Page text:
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Douglas Ross accuses Scottish Government of 'first class shambles' on student COVID guidance

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Douglas Ross accuses Scottish Government of 'first class shambles' on student COVID guidance

Students can return home from university accommodation on a long-term basis as long as they follow rules on self-isolating, according to new Scottish Government coronavirus guidance.

The Scottish Government released the updated document on Sunday evening following concerns students were being trapped in university accommodation, with the new guidance stating that students can visit parents if there is a "reasonable excuse" such as a family emergency.

But ministers faced criticism from opposition parties over the confusion.

The Scottish Conservatives will lodge an urgent question calling on the Scottish Government to announce all regulation changes in parliament, while leader Douglas Ross claimed “the SNP have slept in and caused a first class shambles.”

He said: “They were slow to prepare and they’ve been slow to react. Just like the blended learning and exam fiascos, they’ve sat back when they should have stepped up.

“There is no excuse for these delays when students as young as 17 are anxiously waiting to find out if they will be stuck in halls for up to six months.

“Clear and timely guidance would have helped enormously. Instead, the SNP Government have piled mistake on top of mistake.

“This ongoing debacle shows why decisions like this should be announced in parliament, not in press releases at 6pm. Proper scrutiny could have sorted this mess far earlier.”

Minister for Further Education, Higher Education and Science Richard Lochhead has written to college and university principals and student accommodation providers to set out the new guidance.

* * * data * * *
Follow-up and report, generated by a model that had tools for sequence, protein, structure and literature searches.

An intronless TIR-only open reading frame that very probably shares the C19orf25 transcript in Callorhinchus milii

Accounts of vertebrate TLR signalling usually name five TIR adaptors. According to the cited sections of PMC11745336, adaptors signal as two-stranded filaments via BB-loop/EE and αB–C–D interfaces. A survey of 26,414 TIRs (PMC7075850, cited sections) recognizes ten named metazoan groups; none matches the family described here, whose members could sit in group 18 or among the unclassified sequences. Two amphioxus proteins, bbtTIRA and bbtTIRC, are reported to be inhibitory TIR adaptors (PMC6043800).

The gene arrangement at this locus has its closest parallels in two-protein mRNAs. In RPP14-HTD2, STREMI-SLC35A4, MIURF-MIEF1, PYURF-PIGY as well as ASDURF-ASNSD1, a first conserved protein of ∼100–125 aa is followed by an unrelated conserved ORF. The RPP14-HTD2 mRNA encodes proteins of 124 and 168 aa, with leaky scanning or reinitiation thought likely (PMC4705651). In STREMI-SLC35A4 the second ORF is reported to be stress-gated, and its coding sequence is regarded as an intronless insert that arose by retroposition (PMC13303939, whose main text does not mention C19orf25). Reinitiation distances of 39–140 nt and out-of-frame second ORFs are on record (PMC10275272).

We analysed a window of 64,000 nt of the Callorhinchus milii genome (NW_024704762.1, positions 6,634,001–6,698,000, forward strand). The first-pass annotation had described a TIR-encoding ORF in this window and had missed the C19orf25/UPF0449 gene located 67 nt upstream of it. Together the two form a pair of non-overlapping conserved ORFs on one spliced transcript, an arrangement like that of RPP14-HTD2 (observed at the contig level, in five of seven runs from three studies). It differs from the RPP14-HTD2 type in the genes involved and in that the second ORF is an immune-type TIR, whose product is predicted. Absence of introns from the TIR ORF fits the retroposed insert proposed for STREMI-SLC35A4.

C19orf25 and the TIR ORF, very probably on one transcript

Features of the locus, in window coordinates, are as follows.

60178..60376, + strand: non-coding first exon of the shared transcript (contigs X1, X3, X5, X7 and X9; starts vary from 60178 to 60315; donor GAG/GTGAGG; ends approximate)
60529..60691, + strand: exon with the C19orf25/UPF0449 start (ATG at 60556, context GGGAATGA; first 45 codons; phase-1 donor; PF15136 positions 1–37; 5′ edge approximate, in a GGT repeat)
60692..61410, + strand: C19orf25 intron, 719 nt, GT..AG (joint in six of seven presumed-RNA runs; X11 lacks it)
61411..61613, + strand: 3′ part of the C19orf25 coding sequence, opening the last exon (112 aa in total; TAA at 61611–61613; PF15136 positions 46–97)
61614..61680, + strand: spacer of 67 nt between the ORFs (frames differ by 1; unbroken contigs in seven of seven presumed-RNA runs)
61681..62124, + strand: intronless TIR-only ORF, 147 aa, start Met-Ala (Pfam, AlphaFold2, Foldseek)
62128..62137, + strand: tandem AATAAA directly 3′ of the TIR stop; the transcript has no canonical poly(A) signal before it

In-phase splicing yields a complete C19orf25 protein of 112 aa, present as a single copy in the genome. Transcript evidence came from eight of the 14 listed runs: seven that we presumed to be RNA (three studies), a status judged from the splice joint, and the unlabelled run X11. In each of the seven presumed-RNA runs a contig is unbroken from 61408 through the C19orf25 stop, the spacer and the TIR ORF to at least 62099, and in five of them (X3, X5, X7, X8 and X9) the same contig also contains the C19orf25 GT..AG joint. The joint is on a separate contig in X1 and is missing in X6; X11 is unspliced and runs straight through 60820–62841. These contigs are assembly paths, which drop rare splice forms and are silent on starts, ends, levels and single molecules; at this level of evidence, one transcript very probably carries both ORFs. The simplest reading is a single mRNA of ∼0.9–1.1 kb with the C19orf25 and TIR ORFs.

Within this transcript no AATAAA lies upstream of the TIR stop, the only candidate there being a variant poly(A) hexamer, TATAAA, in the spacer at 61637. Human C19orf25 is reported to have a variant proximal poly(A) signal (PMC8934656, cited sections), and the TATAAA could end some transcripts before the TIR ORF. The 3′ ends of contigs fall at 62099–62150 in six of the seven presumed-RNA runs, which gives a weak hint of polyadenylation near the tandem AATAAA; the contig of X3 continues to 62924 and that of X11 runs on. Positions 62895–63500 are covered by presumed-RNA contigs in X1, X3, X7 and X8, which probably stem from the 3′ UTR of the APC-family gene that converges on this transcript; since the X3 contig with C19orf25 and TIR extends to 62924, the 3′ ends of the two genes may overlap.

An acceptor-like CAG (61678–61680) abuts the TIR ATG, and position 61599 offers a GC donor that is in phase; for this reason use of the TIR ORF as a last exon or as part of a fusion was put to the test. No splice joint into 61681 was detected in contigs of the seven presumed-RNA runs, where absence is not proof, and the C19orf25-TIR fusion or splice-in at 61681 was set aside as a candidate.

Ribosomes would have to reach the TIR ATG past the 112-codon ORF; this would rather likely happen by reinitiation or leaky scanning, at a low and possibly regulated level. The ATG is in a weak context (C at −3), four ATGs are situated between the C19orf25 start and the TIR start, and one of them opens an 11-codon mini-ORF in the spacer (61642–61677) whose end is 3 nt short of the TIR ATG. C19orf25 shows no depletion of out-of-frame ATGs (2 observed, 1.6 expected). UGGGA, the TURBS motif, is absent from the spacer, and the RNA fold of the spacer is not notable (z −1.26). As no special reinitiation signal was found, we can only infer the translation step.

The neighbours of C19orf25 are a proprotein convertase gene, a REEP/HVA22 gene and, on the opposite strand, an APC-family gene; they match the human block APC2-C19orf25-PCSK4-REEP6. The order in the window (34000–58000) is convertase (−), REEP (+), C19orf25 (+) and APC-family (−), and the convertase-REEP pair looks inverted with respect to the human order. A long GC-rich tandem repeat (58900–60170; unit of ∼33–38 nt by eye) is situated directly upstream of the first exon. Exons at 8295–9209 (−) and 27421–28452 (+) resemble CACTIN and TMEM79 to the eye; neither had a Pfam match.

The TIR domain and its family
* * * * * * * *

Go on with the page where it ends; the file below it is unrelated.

He said: “We would encourage students to remain living in their current accommodation where they are able to, so they can continue to benefit from both a blend of digital and in-person learning, where that is possible and the opportunity to engage with others, within the restrictions, to build new networks and to make new friends.

“However, we know that many students may be struggling with the prospect of not being able to return home to visit family and other support networks, especially if is the first time in their life they have been away from home.

“Knowing what to consider in deciding whether to return home will help support wellbeing and enable students to make informed choices, but it is important to stress that adjusting to life away from home is always challenging.

“And, as the First Minister has made clear, we are strongly advising that students do not visit pubs and restaurants for the remainder of this weekend.

“I’d like to thank students for playing their role at this very difficult time when they are trying to benefit from further and higher education against a backdrop of a global pandemic.”

Professor Gerry McCormac, Convener of Universities Scotland, said: “With the support of their universities, students need to choose what is right for their own physical and mental health. Unfortunately the current situation with this pandemic means these choices do need to be balanced within the wider public health context. 

“There is a real benefit, we believe, in staying at university this semester and benefiting from the blend of both digital and in-person learning and the wider range of services and support that is available. 

“The Scottish Government’s additional guidance about households puts the emphasis on staying within existing households and avoiding overnight stays elsewhere for now, but not at the expense of an individual’s wellbeing. It also makes clear that a change of household is possible but offers guidance to limit this to cases where a change then become the person’s main or only residence on a long-term basis.”

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